But the girls in Split look very much like young girls, as in 12 to 13. Even though they’re all older than 20, they all look like somebody’s kid that just came out of recess. To see them like this and have the camera watch them eagerly as they’re being tortured with very little clothing on is sickening and disgusting. It makes me wonder if the actresses parents were bothered at all while watching them. If they weren’t, what does that say about them?

What caused these personalities to emerge in Kevin? The reason implied is sexual abuse, as Kevin’s mother always grabbed a coat hanger any time she saw mess in her house. There’s sexual abuse implied for another character too, although I won’t spoil by saying who. Kevin refers to himself and the other individual as “pure”, saying that they are the special ones who will inherit the Earth. To imply that you have to be sexually abused in order to become genetically superior is both disgusting and insensitive. I would love to hear some sexual assault victims opinions’ on this film, and I would love the studio heads to sit down and listen to it as well.

This is a new low for writer-director M. Night Shyamalan, unmatched by most of his recent failures. The Happening. The Last Airbender. After Earth. And now Split. At least with the previous films, they were just poorly made or insulting to our intelligence. But Split fails with something far, far worse. It insults our dignity, it insults what the PG-13 rating allows into theaters, and it insults what consumers consider as “entertainment.” This can’t fairly be labeled as the worst film of the year because it’s technically immaculate. But it’s the film with the worst intentions, and that matters more.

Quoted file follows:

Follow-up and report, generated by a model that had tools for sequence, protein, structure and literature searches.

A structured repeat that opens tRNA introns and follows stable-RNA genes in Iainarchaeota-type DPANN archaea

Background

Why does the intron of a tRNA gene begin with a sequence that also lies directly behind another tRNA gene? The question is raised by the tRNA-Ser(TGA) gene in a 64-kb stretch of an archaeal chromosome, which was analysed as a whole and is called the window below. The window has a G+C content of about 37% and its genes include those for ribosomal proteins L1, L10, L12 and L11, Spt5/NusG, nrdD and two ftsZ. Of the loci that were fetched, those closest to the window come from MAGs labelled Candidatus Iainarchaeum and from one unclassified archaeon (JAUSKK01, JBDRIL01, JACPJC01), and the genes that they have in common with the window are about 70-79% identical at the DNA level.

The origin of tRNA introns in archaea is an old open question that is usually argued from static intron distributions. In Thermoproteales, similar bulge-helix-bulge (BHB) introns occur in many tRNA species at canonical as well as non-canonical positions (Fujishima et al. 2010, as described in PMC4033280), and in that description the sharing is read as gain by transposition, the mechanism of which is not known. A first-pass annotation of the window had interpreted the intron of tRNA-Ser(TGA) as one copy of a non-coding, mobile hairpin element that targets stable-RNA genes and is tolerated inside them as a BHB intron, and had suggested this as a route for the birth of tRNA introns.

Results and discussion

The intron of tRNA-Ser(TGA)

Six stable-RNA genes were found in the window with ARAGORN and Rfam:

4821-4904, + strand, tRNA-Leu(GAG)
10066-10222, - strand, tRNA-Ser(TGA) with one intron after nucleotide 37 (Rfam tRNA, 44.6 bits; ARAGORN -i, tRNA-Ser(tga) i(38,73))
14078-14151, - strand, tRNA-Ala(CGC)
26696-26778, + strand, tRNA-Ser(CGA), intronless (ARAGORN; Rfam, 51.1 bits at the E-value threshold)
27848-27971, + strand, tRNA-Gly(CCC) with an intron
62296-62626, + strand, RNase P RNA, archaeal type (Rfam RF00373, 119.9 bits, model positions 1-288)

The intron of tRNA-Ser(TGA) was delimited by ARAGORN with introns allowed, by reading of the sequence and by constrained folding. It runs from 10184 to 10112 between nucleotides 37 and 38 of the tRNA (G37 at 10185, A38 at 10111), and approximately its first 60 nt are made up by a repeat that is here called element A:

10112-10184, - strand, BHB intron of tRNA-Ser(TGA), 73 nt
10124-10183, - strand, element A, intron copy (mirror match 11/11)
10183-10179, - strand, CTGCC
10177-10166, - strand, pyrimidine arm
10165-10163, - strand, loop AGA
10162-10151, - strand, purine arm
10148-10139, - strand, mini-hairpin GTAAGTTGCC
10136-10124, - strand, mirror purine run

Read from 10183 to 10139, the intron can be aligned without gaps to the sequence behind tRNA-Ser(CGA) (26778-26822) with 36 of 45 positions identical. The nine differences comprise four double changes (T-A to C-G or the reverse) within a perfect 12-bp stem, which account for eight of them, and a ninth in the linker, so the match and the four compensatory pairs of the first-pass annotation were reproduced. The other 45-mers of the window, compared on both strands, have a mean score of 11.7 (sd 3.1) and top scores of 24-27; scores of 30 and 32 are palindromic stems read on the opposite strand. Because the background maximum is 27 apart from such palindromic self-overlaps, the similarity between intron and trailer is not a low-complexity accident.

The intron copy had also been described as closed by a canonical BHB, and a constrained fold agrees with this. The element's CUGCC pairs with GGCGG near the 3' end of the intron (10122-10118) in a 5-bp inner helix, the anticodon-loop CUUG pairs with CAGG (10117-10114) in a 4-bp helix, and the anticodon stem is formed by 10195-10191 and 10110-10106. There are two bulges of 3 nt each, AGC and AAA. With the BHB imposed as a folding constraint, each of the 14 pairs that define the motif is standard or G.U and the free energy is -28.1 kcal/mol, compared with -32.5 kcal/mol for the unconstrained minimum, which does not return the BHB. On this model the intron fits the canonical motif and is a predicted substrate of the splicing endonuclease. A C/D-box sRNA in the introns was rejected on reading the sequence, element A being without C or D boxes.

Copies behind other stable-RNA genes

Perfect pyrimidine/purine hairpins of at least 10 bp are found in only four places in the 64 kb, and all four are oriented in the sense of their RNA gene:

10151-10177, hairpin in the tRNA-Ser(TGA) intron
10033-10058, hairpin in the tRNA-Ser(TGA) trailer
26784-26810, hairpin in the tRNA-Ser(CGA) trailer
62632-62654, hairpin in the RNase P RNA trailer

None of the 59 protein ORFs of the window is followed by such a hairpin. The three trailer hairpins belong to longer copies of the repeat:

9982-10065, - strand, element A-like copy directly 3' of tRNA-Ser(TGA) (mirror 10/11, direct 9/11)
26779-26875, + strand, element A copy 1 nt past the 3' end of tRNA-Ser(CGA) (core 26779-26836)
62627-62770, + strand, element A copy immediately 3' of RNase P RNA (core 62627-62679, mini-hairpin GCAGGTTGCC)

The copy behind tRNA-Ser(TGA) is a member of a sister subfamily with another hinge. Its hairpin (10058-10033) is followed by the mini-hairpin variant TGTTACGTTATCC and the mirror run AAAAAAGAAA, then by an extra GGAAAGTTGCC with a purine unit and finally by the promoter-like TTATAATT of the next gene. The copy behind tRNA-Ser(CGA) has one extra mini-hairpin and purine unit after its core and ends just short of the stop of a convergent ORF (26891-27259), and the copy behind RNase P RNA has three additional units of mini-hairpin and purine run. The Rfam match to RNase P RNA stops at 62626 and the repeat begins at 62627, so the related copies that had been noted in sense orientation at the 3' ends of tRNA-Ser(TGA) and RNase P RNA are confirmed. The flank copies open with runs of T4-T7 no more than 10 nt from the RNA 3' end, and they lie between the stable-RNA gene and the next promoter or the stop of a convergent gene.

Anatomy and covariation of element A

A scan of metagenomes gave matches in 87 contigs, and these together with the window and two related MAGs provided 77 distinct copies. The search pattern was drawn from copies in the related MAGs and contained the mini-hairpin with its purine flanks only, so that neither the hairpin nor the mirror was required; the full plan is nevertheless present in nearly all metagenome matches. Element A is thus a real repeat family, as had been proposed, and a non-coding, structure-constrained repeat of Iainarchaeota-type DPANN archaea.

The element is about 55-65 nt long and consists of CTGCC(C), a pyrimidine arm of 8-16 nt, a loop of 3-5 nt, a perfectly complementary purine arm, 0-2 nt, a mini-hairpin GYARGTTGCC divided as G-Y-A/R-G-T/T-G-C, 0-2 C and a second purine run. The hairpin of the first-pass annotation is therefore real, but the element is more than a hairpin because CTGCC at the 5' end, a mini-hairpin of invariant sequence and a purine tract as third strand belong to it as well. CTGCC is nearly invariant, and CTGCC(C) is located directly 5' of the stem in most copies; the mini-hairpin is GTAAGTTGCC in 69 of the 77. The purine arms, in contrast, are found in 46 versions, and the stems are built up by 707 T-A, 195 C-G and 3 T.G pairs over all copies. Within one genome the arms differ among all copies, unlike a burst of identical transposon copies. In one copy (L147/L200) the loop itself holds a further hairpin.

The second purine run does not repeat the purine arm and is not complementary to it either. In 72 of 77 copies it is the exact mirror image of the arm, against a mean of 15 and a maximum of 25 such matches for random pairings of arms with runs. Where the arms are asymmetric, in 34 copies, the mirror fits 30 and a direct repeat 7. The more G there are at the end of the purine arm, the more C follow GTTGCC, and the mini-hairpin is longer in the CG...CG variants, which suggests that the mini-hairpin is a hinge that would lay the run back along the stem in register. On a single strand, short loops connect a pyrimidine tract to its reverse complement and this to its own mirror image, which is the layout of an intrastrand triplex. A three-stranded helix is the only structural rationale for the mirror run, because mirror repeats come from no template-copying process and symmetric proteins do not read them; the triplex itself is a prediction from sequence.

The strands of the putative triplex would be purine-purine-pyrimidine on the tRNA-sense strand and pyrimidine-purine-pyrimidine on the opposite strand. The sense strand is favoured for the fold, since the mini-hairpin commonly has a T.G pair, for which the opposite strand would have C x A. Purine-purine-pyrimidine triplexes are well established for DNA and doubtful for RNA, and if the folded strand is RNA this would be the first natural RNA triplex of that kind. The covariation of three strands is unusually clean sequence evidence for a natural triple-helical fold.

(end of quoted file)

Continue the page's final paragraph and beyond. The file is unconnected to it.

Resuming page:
I recognize James McAvoy as an outstanding talent, and the fact that he can brave through all of these different personalities and perform all of them enthusiastically speaks to his range as an actor. But I’m not here to review his performance. I’m here to review the film. And the movie is poisonous, harmful, and disingenuous, no matter how great of a performance may be in it.

Split is an immoral, abhorrent waste of film, made all the more worse because we’re seeing kids suffering no less in it. The studio heads were wrong to make a movie like this, and they’re damn wrong if they think we’re supposed to accept it as entertainment.

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“ANNABELLE” Review (✫)

Barbie is scarier than this. 

Remember how I wrote in my review for The Conjuring that the Annabelle doll was one of the creepiest elements of the movie? I take it all back. Annabelle is not creepy. Silence is creepy. Moving objects are creepy. Unexplainable sounds, noises, or occurrences are creepy. The unexpected is creepy. A rotted doll turning its head around to stare at you is not creepy, and it doesn’t get creepier as you repeat it 15 more times in a movie.

I realized this while watching Annabelle, a terrible prequel that is the complete antithesis of its predecessor. The Conjuring was masterfully orchestrated in its suspense. Annabelle is haphazardly assembled. The Conjuring knew how to exercise its elements conservatively. Annabelle throws them at the screen like a toddler with temper tantrums. The Conjuring understood the importance of silence and subtlety. Annabelle scoffs at these as it vomits out flashy effects and useless images that do nothing to intensify the plot or its stakes. If The Conjuring advanced the horror genre a few steps forward, Annabelle slowed it down to a baby crawl.